The type III TGF-beta receptor regulates epithelial and cancer cell migration through beta-arrestin2-mediated activation of Cdc42.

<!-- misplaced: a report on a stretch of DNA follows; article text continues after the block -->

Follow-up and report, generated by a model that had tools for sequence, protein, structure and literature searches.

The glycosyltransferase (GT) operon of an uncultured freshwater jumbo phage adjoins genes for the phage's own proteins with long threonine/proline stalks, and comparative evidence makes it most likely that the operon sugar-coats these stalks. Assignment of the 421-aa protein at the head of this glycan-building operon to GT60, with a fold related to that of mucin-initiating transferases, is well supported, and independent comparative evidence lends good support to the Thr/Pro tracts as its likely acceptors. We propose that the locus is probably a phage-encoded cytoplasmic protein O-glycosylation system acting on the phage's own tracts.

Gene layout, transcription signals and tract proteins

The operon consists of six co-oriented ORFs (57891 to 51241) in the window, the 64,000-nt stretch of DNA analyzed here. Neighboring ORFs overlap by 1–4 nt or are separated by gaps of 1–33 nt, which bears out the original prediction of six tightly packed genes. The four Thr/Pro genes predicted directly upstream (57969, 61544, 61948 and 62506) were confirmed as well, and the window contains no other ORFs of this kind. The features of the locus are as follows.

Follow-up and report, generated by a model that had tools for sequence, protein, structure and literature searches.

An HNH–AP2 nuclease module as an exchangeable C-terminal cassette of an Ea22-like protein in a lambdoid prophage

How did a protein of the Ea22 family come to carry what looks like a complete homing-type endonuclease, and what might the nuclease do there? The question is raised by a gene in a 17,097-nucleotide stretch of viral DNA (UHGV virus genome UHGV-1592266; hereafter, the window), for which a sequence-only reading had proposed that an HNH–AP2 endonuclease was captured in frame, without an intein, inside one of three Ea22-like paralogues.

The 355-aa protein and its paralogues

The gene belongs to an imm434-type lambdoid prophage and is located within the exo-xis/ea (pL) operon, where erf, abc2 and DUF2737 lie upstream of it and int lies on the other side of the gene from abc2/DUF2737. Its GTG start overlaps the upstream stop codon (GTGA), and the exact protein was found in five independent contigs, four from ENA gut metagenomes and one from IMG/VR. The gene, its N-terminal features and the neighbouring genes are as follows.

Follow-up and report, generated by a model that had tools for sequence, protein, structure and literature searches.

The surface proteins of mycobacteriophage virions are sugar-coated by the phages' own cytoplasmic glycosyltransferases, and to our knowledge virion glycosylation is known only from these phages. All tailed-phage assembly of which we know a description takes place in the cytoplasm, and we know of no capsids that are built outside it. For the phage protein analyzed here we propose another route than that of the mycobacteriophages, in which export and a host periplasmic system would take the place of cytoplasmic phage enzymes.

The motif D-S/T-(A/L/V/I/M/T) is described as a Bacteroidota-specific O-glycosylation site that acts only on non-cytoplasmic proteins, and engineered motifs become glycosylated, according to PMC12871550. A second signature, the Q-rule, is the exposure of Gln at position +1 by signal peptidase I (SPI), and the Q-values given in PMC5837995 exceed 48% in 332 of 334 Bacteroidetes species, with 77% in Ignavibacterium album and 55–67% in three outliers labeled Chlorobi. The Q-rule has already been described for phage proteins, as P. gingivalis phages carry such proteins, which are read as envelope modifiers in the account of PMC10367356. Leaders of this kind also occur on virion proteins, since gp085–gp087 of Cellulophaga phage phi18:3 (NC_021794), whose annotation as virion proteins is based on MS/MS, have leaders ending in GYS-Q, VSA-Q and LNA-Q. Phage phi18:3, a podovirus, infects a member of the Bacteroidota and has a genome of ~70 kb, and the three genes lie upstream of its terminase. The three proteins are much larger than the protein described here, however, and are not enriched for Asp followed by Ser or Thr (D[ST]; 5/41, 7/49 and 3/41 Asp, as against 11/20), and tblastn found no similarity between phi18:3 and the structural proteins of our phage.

Loss of expression of the TGF-beta superfamily coreceptor, the type III TGF-beta receptor (TbetaRIII or betaglycan), occurs in a broad spectrum of human cancers including breast, lung, ovarian, pancreatic, prostate, and renal cell cancer. TbetaRIII suppresses cancer progression in vivo, at least in part, by reducing cancer cell motility. However, the mechanism by which TbetaRIII regulates migration is unknown. Here, we demonstrate an unexpected TGF-beta signaling independent role for TbetaRIII in activating Cdc42, altering the actin cytoskeleton and reducing directional persistence to inhibit random migration of both cancer and normal epithelial cells. Functionally, TbetaRIII through its interaction with the scaffolding protein beta-arrestin2, activates Cdc42 and inhibits migration. These studies identify a TGF-beta independent homeostatic function for TbetaRIII in regulating cell migration.
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